At  Via Meadia , Walter Russell Mead has been doing  a great job  covering the controversy surrounding visits last week by top Japanese officials to the Yasukuni Shrine in Tokyo. Yasukuni is a Shinto shrine; in Shinto belief, it houses the souls of millions of people who died in the service of the Japanese Empire, including during World War II. Among the millions commemorated are approximately 1000 convicted war criminals, including wartime Prime Minister Hideki Tojo.

Japan’s neighbors, China and Korea, perceive official visits to the shrine as an outrageous insult and a sign that Japan has not fully repudiated the imperialism of its past. (In response to last week’s visits, China sent a  fleet of patrol ships  into Japanese territorial waters.) The latest controversy erupted when top officials in Prime Minister Shinzo Abe’s cabinet, as well more than 150 parliamentarians, visited the shrine for the annual Shinto Spring Ceremony–the largest official delegation in decades. In response to Chinese and Korean complaints, Abe doubled down, declaring in a  parliamentary debate , ”It’s only natural to honor the spirits of those who gave their lives for the country. Our ministers will not cave in to any threats.” Abe doubtless feels buoyed by opinion polls showing that he has a 70% approval rating from the Japanese public.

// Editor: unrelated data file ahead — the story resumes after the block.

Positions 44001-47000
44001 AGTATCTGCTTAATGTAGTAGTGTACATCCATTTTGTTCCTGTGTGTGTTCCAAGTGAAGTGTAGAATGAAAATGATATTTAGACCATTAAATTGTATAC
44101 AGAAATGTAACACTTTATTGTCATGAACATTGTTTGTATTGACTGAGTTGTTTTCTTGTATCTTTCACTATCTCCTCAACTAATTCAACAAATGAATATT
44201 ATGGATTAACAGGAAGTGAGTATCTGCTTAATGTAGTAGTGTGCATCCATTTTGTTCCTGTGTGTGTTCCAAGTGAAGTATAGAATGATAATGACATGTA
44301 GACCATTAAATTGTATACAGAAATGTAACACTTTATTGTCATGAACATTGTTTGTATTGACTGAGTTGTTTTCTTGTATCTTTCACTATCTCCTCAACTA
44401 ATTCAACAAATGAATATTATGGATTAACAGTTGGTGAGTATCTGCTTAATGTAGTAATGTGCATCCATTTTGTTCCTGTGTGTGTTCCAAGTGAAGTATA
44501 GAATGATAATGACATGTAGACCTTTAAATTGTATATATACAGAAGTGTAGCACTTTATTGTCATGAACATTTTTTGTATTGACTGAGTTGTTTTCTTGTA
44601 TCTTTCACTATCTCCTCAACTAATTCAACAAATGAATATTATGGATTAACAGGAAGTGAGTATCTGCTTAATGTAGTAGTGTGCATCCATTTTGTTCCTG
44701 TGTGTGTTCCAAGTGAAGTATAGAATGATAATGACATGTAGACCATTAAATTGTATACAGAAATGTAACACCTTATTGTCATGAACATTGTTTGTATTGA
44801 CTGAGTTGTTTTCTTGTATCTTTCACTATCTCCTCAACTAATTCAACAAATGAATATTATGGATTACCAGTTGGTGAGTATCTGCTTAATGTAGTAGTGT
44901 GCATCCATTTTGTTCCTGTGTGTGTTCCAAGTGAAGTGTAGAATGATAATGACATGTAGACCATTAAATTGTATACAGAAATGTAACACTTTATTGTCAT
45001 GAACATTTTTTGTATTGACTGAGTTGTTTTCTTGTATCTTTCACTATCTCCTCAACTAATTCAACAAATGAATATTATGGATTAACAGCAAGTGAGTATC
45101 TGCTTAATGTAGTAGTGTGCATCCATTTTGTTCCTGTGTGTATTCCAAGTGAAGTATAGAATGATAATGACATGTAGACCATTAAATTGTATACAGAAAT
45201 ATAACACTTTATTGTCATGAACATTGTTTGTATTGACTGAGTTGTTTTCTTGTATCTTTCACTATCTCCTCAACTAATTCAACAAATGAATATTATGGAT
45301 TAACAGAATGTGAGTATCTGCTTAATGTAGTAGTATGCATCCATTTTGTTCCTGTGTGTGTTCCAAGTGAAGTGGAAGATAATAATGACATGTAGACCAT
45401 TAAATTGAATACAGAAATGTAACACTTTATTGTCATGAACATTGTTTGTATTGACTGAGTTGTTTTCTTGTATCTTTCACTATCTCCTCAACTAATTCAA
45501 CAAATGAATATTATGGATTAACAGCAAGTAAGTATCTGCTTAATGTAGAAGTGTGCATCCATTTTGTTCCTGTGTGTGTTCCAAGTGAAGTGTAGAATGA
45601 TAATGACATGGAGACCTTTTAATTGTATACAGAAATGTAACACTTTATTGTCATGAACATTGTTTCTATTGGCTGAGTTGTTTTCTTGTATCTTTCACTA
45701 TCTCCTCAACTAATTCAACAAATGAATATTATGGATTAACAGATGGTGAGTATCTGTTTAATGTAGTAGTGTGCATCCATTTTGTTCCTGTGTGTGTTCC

Official participation in ceremonies at Yasukuni have been controversial inside Japan as well. The Japanese Constitution, adopted after the war, disestablished Shintoism and effected, in the words of the Japanese Supreme Court, the “separation of state and religion.” In fact, in 1997 the Supreme Court ruled that the government officials could not make financial contributions to Yasukuni for use in Shinto ceremonies. With respect to this month’s visits, the officials involved were careful to point out that they were participating only as private citizens, not government officials, but that explanation has not satisfied critics. “”It doesn’t matter how or in what role Japanese leaders visit the Yasukuni shrine,” a Chinese spokesman said. “We feel it is in essence a denial of Japan’s history of militarist invasion.” And Japanese legal scholar Keisuke Abe (no relation to the Prime Minister, I believe) argues in a symposium in the  St. John’s Law Review   that most Japanese wouldn’t recognize the distinction, either. “Whatever the purpose of” a visit to the shrine, he writes, “the general public is likely to consider it as the government giving special support to Shintoism, associated with ancestor worship.”

Articles by Mark Movsesian

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